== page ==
Flashback Friday: Kodak 1888

Posted on

Kodak Image One
Photo Credit: The Mirror UK

One-hundred, thirty-two years ago, today, inventor George Eastman received a patent (number 388,850) for [the shutter of a roll-film hand camera] and the trademark (number 15,825) for the Kodak name […].

Birth of a Company

In 1879, London was the center of the photographic and business world. George Eastman went there to obtain a patent on his plate-coating machine. An American patent was granted the following year. In April 1880, Eastman leased the third floor of a building on State Street in Rochester and began to manufacture dry plates for sale. Success of the dry plate venture so impressed businessman Henry A. Strong, that he invested some money in the infant concern. On January 1, 1881, Eastman and Strong formed a partnership called The Eastman Dry Plate Company. While actively managing all phases of the firm’s activities, [Eastman] continued research in an effort to simplify photography.

In 1883, Eastman startled the trade with the announcement of film in rolls, with the roll holder adaptable to nearly every plate camera on the market. [By] 1884, the Eastman-Strong partnership had given way to a new firm…the Eastman Dry Plate and Film Company with 14 shareowners.

George Eastman History

Building the Foundation
Web Archive

Kodak Instamatic Image Two
Photo Credit: Ebay

The immediate triumph of the camera prompted Eastman to change the name of his company from Eastman Dry Plate and Film Company to Eastman Kodak Company in 1892.

My very first camera was a late 70s Kodak Instamatic with 126 film. It was a gift from my paternal grandmother and it got a lot of use. ~Vic

Additional Reading & Sources:
From The Camera Obscura To The Revolutionary Kodak (Eastman Museum)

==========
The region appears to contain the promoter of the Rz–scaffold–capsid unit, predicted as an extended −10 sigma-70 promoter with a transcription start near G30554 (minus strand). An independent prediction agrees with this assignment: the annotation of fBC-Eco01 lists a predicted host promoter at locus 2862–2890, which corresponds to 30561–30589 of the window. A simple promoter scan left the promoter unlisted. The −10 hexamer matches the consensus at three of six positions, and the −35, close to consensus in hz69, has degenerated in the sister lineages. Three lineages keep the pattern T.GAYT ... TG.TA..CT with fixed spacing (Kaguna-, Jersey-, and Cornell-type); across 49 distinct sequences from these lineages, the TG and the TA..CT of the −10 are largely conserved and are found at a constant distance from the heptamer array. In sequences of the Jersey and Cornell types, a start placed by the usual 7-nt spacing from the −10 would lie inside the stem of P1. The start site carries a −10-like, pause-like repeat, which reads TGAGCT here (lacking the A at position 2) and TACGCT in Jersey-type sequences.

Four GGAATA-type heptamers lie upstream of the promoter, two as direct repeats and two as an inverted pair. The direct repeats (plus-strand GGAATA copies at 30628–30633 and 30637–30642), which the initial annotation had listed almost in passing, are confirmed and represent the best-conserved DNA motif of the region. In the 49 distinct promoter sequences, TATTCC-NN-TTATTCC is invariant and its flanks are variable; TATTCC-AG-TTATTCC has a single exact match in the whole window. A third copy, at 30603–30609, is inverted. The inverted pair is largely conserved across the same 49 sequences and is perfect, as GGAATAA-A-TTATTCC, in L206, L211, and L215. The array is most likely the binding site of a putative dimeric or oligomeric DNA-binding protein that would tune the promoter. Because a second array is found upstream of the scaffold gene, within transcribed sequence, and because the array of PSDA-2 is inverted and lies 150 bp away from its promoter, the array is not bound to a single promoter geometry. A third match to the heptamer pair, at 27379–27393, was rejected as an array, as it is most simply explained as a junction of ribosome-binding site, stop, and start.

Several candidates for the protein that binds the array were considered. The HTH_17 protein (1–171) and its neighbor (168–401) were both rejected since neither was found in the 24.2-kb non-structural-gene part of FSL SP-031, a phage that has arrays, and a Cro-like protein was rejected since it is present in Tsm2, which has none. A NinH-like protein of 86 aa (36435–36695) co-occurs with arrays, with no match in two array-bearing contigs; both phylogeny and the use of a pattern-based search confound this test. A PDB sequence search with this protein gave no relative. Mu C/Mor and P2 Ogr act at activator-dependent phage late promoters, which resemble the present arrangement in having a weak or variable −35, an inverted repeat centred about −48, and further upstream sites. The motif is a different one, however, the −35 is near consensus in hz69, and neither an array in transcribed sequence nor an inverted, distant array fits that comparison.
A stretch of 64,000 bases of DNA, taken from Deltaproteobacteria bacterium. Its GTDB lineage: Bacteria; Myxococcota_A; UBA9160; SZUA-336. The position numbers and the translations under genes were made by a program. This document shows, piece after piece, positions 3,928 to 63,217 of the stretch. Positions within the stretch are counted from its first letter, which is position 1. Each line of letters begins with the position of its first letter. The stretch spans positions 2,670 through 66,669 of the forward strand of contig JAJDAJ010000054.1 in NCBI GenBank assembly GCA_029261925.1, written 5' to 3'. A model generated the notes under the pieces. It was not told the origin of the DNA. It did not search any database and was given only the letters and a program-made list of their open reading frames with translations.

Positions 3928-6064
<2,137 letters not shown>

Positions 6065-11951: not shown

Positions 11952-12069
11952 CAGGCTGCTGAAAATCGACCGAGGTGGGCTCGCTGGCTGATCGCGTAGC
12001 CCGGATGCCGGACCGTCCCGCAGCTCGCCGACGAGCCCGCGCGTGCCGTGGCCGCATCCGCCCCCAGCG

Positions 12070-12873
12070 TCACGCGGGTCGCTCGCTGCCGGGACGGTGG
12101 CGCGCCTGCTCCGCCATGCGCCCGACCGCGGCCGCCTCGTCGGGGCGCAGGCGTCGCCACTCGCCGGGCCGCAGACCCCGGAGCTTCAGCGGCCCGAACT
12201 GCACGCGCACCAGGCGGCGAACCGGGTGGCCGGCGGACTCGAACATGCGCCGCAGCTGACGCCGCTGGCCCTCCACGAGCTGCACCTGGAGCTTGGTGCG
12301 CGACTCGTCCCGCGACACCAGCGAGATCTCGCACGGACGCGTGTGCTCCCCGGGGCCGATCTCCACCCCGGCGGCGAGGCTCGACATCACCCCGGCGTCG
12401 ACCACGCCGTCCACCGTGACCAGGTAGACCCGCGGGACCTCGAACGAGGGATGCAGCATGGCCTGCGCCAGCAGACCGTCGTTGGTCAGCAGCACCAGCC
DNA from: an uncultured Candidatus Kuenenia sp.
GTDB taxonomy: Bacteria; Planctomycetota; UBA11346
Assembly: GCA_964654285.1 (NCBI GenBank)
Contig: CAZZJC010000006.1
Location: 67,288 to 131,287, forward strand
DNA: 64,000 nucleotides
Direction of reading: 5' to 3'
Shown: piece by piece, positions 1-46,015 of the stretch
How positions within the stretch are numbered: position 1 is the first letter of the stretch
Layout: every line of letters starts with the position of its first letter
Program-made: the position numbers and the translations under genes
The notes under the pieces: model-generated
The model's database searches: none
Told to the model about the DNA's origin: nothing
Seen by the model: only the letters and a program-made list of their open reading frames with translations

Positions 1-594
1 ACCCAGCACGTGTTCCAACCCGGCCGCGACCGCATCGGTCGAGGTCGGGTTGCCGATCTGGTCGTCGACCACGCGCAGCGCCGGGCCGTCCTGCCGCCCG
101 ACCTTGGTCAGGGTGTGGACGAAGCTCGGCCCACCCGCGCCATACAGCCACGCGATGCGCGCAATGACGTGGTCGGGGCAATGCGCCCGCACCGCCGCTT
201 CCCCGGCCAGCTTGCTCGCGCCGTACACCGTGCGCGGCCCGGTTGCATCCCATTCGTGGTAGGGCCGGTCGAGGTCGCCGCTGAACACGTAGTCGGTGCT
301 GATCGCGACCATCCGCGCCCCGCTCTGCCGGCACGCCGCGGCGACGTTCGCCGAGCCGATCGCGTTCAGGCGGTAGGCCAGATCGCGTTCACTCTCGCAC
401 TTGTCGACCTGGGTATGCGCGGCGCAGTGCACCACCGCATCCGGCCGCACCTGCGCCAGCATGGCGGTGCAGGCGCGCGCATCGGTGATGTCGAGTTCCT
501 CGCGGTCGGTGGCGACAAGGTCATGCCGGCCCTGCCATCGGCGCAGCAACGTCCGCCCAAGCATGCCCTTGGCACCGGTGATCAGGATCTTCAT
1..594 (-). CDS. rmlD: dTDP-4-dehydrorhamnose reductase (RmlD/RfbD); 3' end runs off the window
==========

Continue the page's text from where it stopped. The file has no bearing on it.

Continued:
Kodak History (Kodak Company)
Kodak Wikipedia

6 thoughts on “Flashback Friday: Kodak 1888

    badfinger20 (Max) said:
    September 5, 2020 at 11:58 AM

    I love the look of those Instamatic cameras plus the look of the earlier ones. Digital is great with somethings…like flowers and nature…but for people and places I love the Kodachrome look. I hated when they stopped doing Kodachrome.

    I believe another company has started it back. I know they have filters now that try to make it look like that but it doesn’t for the most part.

      The Hinoeuma responded:
      September 5, 2020 at 3:04 PM

      Me, too and, that’s because we like retro stuff. I wanted to cry when I couldn’t get film for my Instamatic, anymore. It effectively made my camera a paperweight. I don’t even remember what happened to it, now. I took pix of everything…hence the boxes of pictures that haven’t been scanned, yet. ☺

      I think what you are referring to is the natural tint of the pix, commonly called “sepia.” A lot of picture software can alter digital photos to look “older.”

      So, there is a company selling retro cameras & film? Do you mean a lens filter?

        badfinger20 (Max) said:
        September 5, 2020 at 7:11 PM

        Not just retro…Victoria…those pictures have soul. It’s like digital and vinyl. You can get film for it I think…companies make it now if I’m not mistaken…
        You can order film now…someone else is making it. When the big ones dropped it some others picked it up…I’m almost 100 percent positive.

        Dave was a photographer at one time…crime scenes and other things…he has talked about it I believe.

          The Hinoeuma responded:
          September 5, 2020 at 3:28 PM

          I meant the camera, specifically. They are cooler looking than digital cameras.

          And, regarding pix, they are in the same category as analog music…texture. Digital anything is soulless. It’s clean and clear but, devoid of, yes…soul. I totally agree. An image imprinted on celluloid is just like laying down analog tracks. There is a true essence capture.

          I wish I knew what happened to my camera. Did you have one?

          Crime scene photography. Yuck. 🤮

    bayphotosbydonna said:
    September 6, 2020 at 7:15 AM

    Woo hoo to the camera! I got my first in the late ’70s also but I do not remember the exact model. Wish I still had it for display in my house. 🙂

      The Hinoeuma responded:
      September 6, 2020 at 3:15 PM

      Yeah. We shutterbugs will wear out a camera. LOL!

      I wish I could find my old one. I’ve moved 23 times in my life. I lost it, somewhere, I guess.

Leave a Reply...Share A Thought

This site uses Akismet to reduce spam. Learn how your comment data is processed.